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[SelectionDAG] Fix argument copy elision with irregular types
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Authored by LemonBoy on May 10 2021, 1:08 AM.

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Summary

D29668 enabled to avoid a useless copy of the argument value into an alloca if the caller places it in memory (as it often happens on x86) by directly forwarding the pointer to it. This optimization is illegal if the type contains padding bytes: if a truncating store into the alloca is replaced the upper bits are filled with garbage and produce code misbehaving at runtime.

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Event Timeline

LemonBoy created this revision.May 10 2021, 1:08 AM
LemonBoy requested review of this revision.May 10 2021, 1:08 AM
Herald added a project: Restricted Project. · View Herald TranscriptMay 10 2021, 1:08 AM
LemonBoy edited the summary of this revision. (Show Details)May 10 2021, 1:08 AM
rnk added a comment.May 17 2021, 1:27 PM

I don't see why this optimization should be declared illegal. Why isn't it the caller's responsibility to store these narrow integers canonically? C doesn't have narrow integers, but GCC doesn't do this. If a variable is passed in memory, it just uses the memory that was passed into it.

llvm/test/CodeGen/X86/arg-copy-elide.ll
80

We don't want this, do we? Seems like it would be a regression.

I don't see why this optimization should be declared illegal. Why isn't it the caller's responsibility to store these narrow integers canonically? C doesn't have narrow integers, but GCC doesn't do this. If a variable is passed in memory, it just uses the memory that was passed into it.

AFAICS it's the callee's responsibility to chop the extra bits off.
In this (compile at -O0) example you can see that @expect is correctly truncating the i3 value passed in-register, but fails to do so for the third argument that's passed in-memory.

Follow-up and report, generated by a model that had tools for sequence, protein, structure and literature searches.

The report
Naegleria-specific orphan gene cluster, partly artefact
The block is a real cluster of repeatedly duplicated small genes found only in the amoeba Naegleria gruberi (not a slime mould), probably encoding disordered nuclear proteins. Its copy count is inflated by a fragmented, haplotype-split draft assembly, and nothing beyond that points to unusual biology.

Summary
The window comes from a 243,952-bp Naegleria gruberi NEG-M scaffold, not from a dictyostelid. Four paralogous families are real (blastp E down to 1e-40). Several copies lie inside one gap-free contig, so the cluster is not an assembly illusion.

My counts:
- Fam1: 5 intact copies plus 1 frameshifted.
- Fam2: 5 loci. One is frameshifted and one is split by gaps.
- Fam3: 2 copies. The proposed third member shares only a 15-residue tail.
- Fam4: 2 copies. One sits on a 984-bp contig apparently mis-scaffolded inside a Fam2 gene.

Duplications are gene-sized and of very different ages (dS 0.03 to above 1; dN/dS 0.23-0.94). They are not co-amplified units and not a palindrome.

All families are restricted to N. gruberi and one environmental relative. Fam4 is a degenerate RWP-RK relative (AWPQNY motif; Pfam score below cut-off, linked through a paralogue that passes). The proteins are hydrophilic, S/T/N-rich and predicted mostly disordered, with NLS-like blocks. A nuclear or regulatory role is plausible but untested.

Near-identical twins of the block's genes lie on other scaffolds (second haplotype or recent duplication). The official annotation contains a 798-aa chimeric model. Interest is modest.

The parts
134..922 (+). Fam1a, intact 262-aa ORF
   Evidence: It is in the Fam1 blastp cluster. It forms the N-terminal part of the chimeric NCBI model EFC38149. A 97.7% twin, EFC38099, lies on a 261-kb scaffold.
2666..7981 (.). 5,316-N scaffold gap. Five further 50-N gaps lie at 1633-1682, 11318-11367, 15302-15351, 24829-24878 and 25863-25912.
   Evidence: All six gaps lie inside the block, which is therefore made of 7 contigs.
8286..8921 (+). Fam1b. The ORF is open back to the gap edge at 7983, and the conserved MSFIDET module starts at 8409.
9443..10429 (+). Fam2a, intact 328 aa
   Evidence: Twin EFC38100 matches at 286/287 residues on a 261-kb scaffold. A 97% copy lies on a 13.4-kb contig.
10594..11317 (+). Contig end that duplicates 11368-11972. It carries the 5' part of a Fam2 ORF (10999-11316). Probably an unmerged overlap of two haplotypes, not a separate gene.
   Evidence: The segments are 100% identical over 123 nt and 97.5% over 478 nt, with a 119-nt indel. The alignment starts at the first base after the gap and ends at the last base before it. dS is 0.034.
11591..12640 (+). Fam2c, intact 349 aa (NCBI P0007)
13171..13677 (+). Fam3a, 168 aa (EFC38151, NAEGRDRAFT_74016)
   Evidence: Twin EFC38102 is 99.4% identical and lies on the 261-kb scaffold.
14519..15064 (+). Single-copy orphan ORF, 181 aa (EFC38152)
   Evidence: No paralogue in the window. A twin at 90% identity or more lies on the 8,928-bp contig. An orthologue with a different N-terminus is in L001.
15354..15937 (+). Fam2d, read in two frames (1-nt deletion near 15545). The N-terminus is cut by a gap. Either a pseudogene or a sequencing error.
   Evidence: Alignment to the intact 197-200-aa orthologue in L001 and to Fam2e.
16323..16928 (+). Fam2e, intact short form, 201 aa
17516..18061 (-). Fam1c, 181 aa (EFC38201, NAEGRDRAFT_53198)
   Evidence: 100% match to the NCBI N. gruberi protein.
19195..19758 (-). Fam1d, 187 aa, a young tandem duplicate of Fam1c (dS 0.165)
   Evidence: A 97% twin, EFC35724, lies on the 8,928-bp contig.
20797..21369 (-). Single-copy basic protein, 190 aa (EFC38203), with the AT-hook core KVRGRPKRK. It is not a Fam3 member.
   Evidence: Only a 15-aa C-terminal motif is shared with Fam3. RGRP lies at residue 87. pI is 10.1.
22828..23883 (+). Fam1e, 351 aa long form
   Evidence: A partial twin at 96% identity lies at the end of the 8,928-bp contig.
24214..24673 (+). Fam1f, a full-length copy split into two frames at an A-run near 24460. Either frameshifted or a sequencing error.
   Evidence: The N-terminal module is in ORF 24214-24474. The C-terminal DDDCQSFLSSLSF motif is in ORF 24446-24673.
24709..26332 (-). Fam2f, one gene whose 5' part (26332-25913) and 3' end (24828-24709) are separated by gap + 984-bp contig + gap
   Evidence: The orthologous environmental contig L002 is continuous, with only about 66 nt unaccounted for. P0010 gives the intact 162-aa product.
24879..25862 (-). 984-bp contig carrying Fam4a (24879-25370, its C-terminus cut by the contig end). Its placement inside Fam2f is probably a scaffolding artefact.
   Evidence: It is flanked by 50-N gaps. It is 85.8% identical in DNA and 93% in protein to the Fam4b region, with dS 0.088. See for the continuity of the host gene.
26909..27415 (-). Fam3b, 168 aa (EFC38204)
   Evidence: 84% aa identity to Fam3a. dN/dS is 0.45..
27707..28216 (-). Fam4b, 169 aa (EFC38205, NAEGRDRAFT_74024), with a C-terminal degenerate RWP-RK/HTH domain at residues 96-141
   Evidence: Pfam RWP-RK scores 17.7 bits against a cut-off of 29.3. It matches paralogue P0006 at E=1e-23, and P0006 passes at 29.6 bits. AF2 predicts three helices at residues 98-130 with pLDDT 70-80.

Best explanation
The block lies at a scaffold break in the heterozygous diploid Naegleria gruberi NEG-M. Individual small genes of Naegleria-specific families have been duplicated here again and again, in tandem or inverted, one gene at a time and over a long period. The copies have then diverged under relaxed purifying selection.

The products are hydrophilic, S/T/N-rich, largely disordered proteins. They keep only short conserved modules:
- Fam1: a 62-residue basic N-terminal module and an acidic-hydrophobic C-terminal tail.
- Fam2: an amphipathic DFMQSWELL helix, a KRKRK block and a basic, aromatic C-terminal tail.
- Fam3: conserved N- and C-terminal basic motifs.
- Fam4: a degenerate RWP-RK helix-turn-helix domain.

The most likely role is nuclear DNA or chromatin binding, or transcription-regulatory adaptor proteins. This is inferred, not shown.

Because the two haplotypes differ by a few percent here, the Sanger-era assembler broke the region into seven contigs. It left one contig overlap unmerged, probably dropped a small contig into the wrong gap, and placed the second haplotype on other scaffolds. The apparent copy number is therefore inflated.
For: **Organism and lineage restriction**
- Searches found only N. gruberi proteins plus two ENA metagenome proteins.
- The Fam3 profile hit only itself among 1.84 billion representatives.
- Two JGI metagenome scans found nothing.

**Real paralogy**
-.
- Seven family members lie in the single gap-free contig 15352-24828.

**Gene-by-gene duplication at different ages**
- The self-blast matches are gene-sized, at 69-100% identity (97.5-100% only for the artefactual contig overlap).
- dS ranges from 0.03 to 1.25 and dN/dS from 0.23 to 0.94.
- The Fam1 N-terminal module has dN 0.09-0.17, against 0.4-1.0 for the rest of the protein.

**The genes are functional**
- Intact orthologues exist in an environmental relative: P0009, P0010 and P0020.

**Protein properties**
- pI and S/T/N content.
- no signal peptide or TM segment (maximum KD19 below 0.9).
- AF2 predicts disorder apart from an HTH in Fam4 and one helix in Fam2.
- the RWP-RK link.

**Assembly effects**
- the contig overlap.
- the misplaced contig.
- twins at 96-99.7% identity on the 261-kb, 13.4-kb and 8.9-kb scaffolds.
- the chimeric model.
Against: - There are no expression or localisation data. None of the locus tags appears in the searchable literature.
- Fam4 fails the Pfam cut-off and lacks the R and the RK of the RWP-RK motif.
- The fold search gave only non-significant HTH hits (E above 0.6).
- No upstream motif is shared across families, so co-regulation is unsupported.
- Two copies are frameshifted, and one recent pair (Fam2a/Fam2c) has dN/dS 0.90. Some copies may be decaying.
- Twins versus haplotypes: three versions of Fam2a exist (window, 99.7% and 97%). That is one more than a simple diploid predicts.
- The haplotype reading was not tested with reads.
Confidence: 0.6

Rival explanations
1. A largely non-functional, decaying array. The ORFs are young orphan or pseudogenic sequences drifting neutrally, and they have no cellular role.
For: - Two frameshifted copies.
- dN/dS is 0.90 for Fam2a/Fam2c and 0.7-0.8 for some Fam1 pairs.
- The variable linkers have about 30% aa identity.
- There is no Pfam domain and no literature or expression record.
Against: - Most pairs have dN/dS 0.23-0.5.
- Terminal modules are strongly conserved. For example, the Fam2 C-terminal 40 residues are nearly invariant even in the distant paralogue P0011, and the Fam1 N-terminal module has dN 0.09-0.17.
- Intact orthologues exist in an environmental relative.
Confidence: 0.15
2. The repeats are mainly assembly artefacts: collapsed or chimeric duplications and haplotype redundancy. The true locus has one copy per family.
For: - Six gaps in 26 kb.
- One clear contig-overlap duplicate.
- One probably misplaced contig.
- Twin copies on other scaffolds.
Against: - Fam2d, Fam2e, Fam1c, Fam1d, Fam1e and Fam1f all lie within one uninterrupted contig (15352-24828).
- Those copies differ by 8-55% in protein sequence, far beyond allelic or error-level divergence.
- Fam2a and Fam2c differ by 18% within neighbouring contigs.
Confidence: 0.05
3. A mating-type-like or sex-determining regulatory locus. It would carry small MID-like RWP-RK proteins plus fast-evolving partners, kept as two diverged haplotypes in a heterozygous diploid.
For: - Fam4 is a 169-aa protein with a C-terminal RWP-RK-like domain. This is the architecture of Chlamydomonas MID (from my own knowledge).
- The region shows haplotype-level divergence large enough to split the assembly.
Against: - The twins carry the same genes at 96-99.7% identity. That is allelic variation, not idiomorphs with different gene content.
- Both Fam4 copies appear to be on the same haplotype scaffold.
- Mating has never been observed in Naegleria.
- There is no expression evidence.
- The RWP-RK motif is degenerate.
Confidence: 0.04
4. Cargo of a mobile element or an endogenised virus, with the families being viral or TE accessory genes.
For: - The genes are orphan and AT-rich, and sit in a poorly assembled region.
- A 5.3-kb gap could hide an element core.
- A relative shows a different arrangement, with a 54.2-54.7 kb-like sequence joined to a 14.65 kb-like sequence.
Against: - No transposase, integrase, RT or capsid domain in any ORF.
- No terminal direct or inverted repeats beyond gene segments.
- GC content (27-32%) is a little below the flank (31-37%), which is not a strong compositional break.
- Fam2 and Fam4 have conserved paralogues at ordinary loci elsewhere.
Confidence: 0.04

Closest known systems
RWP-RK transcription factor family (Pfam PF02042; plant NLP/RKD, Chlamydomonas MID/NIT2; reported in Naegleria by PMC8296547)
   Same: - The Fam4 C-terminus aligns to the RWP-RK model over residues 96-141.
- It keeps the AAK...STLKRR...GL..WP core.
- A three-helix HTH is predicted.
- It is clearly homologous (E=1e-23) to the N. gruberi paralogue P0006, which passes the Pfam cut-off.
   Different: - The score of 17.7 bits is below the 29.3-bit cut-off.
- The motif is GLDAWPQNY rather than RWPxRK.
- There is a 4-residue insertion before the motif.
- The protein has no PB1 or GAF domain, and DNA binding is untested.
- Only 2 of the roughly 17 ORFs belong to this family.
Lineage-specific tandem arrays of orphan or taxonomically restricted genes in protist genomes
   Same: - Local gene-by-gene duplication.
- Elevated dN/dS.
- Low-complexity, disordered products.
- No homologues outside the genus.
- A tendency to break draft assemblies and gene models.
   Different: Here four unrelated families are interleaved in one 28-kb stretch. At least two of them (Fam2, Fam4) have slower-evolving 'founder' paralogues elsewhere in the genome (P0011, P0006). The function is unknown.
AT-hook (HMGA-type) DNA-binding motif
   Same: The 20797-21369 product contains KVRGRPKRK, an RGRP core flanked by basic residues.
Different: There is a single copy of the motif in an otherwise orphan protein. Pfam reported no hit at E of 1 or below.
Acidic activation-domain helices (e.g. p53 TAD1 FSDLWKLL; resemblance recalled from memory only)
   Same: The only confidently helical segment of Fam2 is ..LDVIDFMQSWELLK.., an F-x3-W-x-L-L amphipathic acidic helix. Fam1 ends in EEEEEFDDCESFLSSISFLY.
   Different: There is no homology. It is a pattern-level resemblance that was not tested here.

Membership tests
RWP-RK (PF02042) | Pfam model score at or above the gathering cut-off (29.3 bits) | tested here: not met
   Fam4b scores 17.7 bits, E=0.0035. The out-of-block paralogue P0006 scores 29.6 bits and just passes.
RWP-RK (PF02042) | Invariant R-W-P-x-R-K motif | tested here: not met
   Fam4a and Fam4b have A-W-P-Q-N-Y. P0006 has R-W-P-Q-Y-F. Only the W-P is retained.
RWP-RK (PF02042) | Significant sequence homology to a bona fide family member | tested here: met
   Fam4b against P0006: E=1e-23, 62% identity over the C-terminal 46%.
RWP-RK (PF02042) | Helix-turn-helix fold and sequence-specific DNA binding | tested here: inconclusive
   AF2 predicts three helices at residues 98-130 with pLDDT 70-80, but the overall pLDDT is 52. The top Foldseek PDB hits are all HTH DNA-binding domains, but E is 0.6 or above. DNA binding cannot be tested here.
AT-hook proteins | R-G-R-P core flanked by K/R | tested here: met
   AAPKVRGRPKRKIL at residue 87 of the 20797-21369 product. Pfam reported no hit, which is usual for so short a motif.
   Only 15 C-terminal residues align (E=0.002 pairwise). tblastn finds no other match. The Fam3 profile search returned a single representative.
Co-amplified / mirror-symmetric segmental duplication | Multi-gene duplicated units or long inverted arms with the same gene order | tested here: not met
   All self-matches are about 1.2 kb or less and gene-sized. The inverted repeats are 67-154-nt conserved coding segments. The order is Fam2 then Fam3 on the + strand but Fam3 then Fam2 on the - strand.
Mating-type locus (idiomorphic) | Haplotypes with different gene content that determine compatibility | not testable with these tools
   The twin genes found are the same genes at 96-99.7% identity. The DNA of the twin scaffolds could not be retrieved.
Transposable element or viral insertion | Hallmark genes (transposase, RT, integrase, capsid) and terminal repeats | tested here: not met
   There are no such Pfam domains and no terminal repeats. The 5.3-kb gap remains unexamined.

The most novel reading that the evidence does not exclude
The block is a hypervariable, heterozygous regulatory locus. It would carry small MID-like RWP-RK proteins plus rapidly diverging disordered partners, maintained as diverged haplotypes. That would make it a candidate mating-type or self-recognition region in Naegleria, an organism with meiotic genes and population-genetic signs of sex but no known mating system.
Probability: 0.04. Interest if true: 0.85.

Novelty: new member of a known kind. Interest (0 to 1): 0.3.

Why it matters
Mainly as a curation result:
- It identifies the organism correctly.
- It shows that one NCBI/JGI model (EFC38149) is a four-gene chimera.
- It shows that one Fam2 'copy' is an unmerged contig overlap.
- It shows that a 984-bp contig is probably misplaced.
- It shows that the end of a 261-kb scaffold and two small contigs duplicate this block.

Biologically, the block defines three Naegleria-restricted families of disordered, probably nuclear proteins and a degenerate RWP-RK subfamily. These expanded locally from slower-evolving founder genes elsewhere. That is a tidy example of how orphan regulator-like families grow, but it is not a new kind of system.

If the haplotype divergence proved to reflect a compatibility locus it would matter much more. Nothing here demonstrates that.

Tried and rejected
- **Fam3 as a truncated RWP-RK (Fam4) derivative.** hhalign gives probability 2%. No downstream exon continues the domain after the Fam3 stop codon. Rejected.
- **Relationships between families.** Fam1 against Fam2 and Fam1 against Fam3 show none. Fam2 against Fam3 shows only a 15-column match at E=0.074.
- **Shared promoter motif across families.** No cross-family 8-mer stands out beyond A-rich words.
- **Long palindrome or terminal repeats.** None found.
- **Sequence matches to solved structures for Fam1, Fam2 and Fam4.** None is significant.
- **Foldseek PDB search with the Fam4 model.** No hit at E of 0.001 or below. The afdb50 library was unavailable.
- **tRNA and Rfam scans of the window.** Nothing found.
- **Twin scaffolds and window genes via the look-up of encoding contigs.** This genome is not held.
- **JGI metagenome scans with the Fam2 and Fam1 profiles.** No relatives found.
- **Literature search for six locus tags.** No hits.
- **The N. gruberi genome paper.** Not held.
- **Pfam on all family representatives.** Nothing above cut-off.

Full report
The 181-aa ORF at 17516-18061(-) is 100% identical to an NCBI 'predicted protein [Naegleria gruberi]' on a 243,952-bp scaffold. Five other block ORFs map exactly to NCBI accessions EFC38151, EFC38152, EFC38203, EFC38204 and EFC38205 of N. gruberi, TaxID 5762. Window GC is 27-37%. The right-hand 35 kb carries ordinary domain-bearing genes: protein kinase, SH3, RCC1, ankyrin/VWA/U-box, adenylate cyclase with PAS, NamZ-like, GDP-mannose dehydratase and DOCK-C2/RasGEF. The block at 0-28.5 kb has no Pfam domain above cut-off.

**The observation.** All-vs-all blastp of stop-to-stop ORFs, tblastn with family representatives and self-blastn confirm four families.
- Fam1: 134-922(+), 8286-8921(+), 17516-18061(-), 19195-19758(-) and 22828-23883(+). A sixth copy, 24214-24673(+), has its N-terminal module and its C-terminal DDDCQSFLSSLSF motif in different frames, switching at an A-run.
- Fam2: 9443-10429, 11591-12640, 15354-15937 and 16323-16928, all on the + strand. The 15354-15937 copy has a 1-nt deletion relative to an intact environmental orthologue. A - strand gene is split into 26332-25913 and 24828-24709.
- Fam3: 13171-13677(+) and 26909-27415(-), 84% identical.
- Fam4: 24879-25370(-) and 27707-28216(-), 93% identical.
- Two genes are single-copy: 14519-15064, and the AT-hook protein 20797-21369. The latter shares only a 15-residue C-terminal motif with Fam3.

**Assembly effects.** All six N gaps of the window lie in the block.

rnk added a comment.May 20 2021, 11:08 AM

Thinking about this more, I think this is a good change. Currently we use the zext and sext attributes to document if the high bits of an argument are initialized, and if so, to what. If those attributes aren't present, we shouldn't do copy elision. I have a minor concern that needs to be addressed, though.

llvm/lib/CodeGen/SelectionDAG/SelectionDAGBuilder.cpp
9895

Don't we still need this check? I don't see any other code that checks that the allocated type and argument type match. Otherwise we could try to copy elide an i32 stored into an i64 alloca, for example. Please add a test for that, sorry for not already having one.

llvm/test/CodeGen/X86/arg-copy-elide.ll
80

This code turns out to not be representative of what clang generates, so I don't think we need to worry about it. See this bool example here:
https://gcc.godbolt.org/z/efPavanfb

void escape(bool *);
void bool_arg(bool b) { escape(&b); }

We fail to copy elide because the argument is i1, but the alloca is i8. I think this will be true generally for non-byte-sized integers, so there is really no harm to this change to copy elision.

LemonBoy added inline comments.May 21 2021, 3:43 AM
llvm/lib/CodeGen/SelectionDAG/SelectionDAGBuilder.cpp
9895

In tryToElideArgumentCopy there's a check between the object size pointed by the old and new frame indices, in case of a partially initialized i64 being forwarded as a i32 the check will fail.
No strong feeling about this, I can put the check back if you prefer.

LemonBoy updated this revision to Diff 346980.May 21 2021, 3:44 AM

Add a test w/ partially-initialized alloca.

rnk added inline comments.May 21 2021, 9:20 AM
llvm/lib/CodeGen/SelectionDAG/SelectionDAGBuilder.cpp
9895

I think we should keep the store size vs. alloca size check here. If I were debugging this code later, I would be confused as to how an alloca like this became a copy elision candidate that gets rejected later in tryToElideArgumentCopy.

LemonBoy updated this revision to Diff 347065.May 21 2021, 9:39 AM

Reinstate the alloca initialization check.

rnk accepted this revision.May 21 2021, 9:54 AM

lgtm, thanks.

This revision is now accepted and ready to land.May 21 2021, 9:54 AM